Did Nets CEO Just Take a Shot at Knicks?

Kyrie Irving Derrick Rose

Getty Brooklyn's Kyrie Irving drives against Knicks guard Derrick Rose during their game at Barclays Center on April 05, 2021 in New York City.

If the 2020-21 NBA season taught us anything, it’s that the rivalry between the Nets and Knicks is still very much there. All it took to reignite the flames was a superteam in Brooklyn and the most exciting Knicks team in eight years.

And even though the fourth-seeded Knicks took an early postseason exit after being ousted in five games in their first-round series against the fifth-seeded Atlanta Hawks, that’s done little to stop the crosstown chirping between the two sides. Knicks fans are still revved up as the Nets continue their run for an NBA title, and Nets fans are pushing back.

In fact, some members of the organization are even pushing back.

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Nets CEO Weighs in on Nets-Knicks

The sentiment all along has been that the Knicks are New York City’s team — not the Nets. Knicks fans have been ever vocal about that point, and the Nets aren’t necessarily claiming otherwise.

“We really want to represent Brooklyn and be authentic to Brooklyn,” Nets CEO John Abbamondi told Bloomberg News, via the New York Post. “We’re not the New York Nets, we’re the Brooklyn Nets and there’s a difference.”

How’s that for a mic drop?

It appears that Knicks fans’ biggest contention with the Nets — that they’re not NYC’s team — is something the Nets are not only OK with, but embracing.

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Nets Taking 2-0 Series Lead to Milwaukee

After thrashing Milwaukee in a 39-point win in Game 2 of their second-round playoff series, the Nets now must fend off the Bucks at Fiserv Forum. Milwaukee went 26-10 at its home venue during the regular season.

“People play a lot more comfortable when they’re at home,” Nets star Kyrie Irving said after his team’s Game 2 win, via nba.com. “They’ve able to see their families, they’re able to prepare. They’re able to get the shots, they’re able to weight lift, they’re able to do the little things that keeps them in their routine or comfortable. So, we just want to come in and break their rhythm a little bit. Understand that runs are gonna happen. They’re on their home floors. Those guys are looking for a response game and we just have to be prepared. It’s simple. The fans aren’t going to come on the court and block anybody’s shots or do anything and that makes a difference in our communication. So, we just have to make sure we’re doing those little things.”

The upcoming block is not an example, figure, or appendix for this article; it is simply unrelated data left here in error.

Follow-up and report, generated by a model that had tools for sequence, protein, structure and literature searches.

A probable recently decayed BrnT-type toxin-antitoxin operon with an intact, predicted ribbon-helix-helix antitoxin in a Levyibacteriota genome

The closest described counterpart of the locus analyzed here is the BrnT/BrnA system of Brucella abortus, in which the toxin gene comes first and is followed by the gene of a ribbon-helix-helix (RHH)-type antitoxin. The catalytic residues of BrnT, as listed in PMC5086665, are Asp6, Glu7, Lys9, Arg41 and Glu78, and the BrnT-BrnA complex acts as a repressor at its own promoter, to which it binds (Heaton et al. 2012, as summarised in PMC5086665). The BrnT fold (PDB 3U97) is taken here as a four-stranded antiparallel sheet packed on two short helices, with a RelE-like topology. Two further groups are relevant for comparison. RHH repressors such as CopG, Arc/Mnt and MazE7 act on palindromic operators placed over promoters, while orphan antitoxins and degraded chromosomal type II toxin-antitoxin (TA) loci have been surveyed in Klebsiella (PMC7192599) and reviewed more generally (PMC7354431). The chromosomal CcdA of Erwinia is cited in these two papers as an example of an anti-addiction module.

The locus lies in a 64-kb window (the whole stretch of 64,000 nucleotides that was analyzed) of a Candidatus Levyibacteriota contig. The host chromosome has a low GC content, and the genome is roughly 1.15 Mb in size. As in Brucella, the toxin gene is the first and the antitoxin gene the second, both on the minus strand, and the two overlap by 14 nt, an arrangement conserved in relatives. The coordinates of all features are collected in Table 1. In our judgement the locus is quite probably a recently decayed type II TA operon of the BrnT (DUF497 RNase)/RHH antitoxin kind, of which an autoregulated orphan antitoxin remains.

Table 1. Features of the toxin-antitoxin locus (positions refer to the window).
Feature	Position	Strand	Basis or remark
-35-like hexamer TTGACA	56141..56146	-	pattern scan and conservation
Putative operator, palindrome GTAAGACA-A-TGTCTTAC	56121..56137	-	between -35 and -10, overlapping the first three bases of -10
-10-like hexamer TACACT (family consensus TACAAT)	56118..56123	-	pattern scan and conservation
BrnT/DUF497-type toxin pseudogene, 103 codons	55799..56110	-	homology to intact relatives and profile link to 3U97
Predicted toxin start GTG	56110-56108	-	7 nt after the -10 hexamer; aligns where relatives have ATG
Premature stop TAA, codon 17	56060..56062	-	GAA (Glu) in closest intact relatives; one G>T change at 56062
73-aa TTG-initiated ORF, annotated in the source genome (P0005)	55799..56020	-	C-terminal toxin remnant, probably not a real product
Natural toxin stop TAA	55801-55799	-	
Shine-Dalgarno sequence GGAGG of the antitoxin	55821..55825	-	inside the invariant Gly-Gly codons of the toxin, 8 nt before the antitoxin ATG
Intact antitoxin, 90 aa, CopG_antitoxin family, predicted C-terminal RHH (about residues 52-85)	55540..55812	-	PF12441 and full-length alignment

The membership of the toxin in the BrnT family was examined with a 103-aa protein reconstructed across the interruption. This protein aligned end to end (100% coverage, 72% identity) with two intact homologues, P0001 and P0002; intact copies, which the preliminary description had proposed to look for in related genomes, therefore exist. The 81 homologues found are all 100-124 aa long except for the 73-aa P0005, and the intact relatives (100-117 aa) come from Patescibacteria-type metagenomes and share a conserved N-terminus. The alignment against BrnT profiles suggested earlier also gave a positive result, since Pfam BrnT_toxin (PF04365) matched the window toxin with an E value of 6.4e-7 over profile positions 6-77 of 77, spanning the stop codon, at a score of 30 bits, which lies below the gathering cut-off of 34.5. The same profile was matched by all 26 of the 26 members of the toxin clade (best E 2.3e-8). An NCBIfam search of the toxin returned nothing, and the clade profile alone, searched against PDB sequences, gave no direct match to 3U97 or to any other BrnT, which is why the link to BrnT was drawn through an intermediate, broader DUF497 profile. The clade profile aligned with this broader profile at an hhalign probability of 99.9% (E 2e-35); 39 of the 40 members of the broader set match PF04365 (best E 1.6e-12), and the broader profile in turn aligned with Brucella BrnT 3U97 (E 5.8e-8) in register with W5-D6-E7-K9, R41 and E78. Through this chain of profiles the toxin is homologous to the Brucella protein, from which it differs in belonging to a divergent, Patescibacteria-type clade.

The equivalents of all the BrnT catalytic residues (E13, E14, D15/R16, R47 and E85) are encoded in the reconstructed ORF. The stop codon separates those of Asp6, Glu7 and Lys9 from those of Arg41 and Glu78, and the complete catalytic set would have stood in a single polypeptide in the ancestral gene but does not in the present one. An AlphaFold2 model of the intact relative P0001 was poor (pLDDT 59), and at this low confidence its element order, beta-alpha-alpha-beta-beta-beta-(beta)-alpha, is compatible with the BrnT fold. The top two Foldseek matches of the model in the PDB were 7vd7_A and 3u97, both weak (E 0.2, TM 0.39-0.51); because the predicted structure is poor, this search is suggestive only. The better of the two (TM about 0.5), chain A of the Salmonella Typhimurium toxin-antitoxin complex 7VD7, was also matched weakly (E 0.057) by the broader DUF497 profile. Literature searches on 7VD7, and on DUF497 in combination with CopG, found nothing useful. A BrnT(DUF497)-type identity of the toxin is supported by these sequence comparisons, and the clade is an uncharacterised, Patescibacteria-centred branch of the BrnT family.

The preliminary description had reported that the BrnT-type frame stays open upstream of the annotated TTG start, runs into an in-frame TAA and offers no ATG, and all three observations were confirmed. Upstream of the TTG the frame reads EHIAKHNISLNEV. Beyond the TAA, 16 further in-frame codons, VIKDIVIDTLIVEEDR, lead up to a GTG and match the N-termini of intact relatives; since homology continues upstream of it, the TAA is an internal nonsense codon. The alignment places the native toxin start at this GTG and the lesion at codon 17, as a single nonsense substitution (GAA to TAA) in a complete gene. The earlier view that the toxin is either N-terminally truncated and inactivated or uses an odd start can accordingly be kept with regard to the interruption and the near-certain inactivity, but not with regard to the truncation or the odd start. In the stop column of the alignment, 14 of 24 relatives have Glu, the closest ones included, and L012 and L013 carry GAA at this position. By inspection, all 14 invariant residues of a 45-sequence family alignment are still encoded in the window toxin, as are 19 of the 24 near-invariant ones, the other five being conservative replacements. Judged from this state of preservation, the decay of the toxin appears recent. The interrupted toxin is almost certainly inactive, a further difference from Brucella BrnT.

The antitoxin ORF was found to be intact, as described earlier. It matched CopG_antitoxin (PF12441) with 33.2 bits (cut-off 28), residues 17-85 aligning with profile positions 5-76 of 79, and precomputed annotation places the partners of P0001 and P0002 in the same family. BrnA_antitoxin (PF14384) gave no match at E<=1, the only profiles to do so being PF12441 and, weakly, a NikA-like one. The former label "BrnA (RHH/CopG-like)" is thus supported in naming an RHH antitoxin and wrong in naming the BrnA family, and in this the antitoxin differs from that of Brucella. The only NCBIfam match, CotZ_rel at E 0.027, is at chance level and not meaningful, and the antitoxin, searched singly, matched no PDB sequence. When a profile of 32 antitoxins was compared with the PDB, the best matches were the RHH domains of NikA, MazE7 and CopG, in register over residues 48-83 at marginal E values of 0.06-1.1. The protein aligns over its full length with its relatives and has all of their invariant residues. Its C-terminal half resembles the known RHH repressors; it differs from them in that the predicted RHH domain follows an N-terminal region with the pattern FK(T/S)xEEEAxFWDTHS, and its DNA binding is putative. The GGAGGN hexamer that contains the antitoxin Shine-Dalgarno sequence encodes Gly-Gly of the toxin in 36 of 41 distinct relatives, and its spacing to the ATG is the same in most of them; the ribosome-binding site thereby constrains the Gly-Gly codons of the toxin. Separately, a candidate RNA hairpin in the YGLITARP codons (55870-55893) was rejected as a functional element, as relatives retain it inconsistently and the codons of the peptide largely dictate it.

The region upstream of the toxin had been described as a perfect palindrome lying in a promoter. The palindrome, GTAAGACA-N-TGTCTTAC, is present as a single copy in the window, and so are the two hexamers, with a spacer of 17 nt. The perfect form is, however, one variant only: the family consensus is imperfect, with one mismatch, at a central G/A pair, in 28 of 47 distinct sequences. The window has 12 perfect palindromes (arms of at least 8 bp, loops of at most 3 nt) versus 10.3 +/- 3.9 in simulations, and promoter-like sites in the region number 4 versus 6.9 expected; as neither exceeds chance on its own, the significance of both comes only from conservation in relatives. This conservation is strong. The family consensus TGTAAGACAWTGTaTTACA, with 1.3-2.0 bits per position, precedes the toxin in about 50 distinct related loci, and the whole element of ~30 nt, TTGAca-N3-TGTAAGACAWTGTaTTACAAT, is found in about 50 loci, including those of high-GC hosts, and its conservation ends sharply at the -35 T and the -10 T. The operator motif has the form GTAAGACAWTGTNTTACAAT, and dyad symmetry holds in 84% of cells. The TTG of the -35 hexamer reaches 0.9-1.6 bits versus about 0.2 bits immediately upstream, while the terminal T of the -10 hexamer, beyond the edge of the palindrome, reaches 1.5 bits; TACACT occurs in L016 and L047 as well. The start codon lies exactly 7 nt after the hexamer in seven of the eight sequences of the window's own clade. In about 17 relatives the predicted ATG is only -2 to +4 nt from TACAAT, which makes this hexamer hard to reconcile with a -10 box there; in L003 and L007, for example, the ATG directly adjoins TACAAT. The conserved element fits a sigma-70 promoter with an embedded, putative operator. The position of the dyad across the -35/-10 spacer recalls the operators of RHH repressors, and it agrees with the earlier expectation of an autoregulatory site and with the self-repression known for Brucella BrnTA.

Among those little things: offensive unselfishness. It was a key factor in Game 2 as five different Nets had double-digit point totals, including Irving’s 22. A byproduct? Brooklyn was remarkably efficient shooting the ball, with a 52.1 percent clip from the field and a 50 percent mark from 3-point range.

Offensive unselfishness is something that will have to continue for the Nets as the series turns to Milwaukee, Irving said.

“That’s how you play the game the right way,” he said, via nba.com. “You know, we are very special individually but the selflessness which you’re referring to is really what creates the difference. Defense is going to win us games down the stretch, but offensively playing the right way and trusting one another is — those little plays that make the difference towards the end of the game where we don’t have to go for it all right then and there wherever the score is. So, like I said, this team, we’ve grown so much and we continue to do so.”

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